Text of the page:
Removal Strategies for Carious Tissues in Deep Lesions

Falk Schwendicke, Nicola Innes

Research output: Chapter in Book/Report/Conference proceedingChapter (peer-reviewed)peer-review

2 Citations (Scopus)


It used to be considered preferable to remove all carious tissues with any signs of disease, regardless of the consequences, even at the expense of the hard tissue, causing stress to, or exposing, the dental pulp. However, it is now understood that this is not only unnecessary but also undesirable. Bacteria can be sealed under restorations, depriving them of nutrition and inactivating them.

In asymptomatic, vital teeth with deep lesions, strategies for conservative carious tissue removal which reduce tissue loss and pulp exposure risk have to be balanced against removing adequate tissue to maximize restoration longevity. The criterion used to guide carious dentin tissue removal is hardness, judged by tactile feedback during examination. The levels are described as: Hard, Firm, Leathery, and Soft Dentin. The four main strategies for carious tissue removal are: Non-selective Removal to Hard Dentin (now considered to be overtreatment and too destructive and not recommended); Selective Removal to Firm Dentin; Selective Removal to Soft Dentin; and Stepwise Removal.

Other strategies for managing deep carious lesions are: Non-Restorative Cavity Control where lesions are made cleansable, and Sealing-In strategies (including Fissure Sealing in permanent and primary teeth and sealing using a preformed crown in primary teeth). These strategies for managing carious tissues result in a change in the biofilm (reduced bacterial diversity, numbers, and cariogenic potential). The guiding principles behind removal and sealing are underpinned by a desire to preserve tissue, avoid pulp exposure, and maximize tooth longevity.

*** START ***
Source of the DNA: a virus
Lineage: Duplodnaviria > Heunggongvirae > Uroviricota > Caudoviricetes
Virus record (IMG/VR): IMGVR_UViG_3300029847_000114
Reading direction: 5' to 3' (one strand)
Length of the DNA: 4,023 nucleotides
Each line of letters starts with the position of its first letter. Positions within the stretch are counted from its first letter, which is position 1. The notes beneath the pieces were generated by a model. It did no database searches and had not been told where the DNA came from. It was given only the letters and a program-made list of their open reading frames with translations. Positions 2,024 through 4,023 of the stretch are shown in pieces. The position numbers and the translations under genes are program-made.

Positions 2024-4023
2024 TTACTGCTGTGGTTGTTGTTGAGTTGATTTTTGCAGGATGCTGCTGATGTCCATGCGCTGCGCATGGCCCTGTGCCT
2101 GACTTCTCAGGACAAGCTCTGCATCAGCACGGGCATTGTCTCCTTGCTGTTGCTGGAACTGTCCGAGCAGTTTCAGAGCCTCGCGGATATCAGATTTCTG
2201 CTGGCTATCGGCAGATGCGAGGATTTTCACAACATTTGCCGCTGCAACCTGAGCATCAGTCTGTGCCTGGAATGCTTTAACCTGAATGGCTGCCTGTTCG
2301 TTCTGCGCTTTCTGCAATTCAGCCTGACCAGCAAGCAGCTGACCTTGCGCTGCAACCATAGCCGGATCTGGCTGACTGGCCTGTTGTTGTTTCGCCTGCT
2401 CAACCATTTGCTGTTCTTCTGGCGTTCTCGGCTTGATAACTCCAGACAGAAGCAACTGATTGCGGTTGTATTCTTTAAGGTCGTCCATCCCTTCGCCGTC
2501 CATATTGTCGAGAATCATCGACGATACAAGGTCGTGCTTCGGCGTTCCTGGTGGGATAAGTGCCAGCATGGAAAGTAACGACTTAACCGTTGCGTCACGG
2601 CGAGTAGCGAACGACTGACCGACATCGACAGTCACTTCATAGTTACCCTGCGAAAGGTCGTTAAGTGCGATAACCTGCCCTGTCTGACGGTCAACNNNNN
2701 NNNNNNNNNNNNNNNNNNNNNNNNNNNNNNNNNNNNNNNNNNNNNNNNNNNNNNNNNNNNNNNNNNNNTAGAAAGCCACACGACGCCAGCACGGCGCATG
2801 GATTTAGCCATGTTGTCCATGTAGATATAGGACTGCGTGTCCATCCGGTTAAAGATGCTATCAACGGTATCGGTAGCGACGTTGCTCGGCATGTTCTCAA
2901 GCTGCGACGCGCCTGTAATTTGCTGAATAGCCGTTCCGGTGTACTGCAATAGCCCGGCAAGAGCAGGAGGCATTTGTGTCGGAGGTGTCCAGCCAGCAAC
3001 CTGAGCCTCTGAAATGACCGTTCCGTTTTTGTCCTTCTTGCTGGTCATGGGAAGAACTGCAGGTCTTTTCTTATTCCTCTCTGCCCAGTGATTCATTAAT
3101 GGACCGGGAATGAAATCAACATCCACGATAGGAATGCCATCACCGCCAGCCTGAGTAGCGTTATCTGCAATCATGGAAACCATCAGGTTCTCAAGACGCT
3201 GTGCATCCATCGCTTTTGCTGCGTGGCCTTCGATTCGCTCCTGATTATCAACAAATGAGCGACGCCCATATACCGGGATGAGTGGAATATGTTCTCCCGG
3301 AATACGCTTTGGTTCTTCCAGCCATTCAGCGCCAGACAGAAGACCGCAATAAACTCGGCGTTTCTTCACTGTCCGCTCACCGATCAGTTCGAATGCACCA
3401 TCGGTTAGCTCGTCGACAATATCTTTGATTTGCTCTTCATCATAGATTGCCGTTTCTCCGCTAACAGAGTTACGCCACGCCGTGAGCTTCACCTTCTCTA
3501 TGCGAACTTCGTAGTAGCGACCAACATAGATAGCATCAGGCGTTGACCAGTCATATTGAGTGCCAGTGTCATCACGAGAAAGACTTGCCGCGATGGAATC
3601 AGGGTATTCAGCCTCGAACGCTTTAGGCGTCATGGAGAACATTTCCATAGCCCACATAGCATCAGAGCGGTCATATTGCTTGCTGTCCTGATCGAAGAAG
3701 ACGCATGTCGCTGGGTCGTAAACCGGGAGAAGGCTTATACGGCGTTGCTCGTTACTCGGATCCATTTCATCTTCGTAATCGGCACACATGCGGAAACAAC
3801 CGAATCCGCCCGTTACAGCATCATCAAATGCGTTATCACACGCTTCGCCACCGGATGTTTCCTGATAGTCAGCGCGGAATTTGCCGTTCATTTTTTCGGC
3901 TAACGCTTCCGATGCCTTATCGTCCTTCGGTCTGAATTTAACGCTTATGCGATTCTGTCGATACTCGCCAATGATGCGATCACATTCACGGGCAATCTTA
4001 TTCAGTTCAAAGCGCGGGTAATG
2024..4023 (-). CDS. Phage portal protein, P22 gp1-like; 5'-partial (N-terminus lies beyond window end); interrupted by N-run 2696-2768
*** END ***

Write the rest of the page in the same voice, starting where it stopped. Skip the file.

Original languageEnglish
Title of host publicationManagement of Deep Carious Lesions
Number of pages21
ISBN (Electronic)9783319613703
Publication statusPublished - 2018

ASJC Scopus subject areas

  • General Dentistry


Dive into the research topics of 'Removal Strategies for Carious Tissues in Deep Lesions'. Together they form a unique fingerprint.

Cite this